In fight against invasive species, biologist pitches Minnesota 'state lake' program

In fight against invasive species, biologist pitches Minnesota 'state lake' program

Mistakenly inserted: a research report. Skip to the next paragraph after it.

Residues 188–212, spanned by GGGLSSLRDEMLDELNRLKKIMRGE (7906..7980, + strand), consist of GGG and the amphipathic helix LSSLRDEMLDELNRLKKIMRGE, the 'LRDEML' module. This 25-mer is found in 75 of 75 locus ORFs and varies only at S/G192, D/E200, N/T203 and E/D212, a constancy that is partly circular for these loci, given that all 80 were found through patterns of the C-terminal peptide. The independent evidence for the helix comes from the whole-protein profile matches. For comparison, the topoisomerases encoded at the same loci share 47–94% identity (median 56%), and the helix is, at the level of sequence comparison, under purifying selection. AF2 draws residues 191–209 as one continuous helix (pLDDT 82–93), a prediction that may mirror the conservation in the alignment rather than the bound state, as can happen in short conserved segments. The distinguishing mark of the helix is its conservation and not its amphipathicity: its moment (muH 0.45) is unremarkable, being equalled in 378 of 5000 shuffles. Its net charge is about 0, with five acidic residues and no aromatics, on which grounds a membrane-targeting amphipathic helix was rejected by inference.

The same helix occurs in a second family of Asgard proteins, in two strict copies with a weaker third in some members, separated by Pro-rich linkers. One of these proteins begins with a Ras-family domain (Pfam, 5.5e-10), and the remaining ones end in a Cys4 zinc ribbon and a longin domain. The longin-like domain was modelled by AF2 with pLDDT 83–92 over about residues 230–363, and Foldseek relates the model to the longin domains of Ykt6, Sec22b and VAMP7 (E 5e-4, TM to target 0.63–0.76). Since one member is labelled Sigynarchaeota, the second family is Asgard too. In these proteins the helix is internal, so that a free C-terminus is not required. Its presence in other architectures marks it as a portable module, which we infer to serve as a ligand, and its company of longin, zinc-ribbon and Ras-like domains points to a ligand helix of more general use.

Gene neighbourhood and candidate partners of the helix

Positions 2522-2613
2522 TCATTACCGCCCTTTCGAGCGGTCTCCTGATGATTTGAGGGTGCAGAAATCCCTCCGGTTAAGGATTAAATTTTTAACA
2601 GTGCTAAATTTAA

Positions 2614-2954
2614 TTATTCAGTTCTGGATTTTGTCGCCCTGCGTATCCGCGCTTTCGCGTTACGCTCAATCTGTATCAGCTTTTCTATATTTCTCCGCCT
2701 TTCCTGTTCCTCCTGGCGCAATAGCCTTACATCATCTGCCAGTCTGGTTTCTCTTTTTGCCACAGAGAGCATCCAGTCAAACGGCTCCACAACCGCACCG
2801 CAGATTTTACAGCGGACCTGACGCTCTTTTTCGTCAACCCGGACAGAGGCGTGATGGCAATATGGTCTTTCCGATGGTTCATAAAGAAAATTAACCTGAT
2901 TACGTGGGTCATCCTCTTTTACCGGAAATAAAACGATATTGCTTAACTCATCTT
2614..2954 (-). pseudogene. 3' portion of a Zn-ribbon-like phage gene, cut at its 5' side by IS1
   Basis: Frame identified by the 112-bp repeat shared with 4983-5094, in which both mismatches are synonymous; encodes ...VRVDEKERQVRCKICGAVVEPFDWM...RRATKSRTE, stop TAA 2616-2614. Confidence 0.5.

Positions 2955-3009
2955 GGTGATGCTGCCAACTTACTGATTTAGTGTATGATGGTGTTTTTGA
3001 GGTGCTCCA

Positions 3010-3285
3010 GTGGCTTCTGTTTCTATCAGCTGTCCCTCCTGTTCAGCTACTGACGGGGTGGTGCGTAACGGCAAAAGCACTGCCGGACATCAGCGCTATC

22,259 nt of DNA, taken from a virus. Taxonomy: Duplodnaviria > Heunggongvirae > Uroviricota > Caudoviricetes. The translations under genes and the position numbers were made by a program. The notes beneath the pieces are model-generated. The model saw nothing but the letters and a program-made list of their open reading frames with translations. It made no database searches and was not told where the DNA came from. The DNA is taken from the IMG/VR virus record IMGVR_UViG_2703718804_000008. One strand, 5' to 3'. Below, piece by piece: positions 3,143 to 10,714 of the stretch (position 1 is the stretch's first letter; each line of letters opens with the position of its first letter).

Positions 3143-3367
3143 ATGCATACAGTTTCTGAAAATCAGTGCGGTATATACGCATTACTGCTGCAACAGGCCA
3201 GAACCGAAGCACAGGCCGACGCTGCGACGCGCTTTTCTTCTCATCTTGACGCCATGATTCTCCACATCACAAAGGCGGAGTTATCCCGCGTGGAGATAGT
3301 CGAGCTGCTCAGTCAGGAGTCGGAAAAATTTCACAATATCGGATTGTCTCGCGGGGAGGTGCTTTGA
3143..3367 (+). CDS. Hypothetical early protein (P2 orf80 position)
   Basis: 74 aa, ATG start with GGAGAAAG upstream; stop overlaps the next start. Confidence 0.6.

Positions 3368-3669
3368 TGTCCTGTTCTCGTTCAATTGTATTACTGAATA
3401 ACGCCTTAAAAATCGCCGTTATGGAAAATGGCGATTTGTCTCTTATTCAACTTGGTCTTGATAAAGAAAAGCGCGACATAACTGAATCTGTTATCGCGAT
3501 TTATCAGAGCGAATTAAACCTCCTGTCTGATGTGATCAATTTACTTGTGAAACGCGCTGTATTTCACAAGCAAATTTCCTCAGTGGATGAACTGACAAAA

Minnesota has saved its most prized natural landmarks — towering old growth pines, dramatic waterfalls, pockets of native prairie — by protecting them within the state parks system. Yet the water bodies that define the Land of 10,000 Lakes face the most immediate threats from warmer temperatures and invasive species. Aquatic biologist Peter Sorensen is floating an idea to protect Minnesota’s true gems: the state’s lakes. He’d start with Lake Itasca, the still-pristine source of the Mississippi River. “The window is closing,” said Sorensen, a leader in the state’s fight against invasive Asian carp at the University of Minnesota. “There are fewer and fewer places to save, and we still don’t have any way of getting invasive species out once they’re in. We have to put a few lakes aside while we can.” It’s still unclear exactly what protections might come with a “state lake” designation. Sorensen, who has been …
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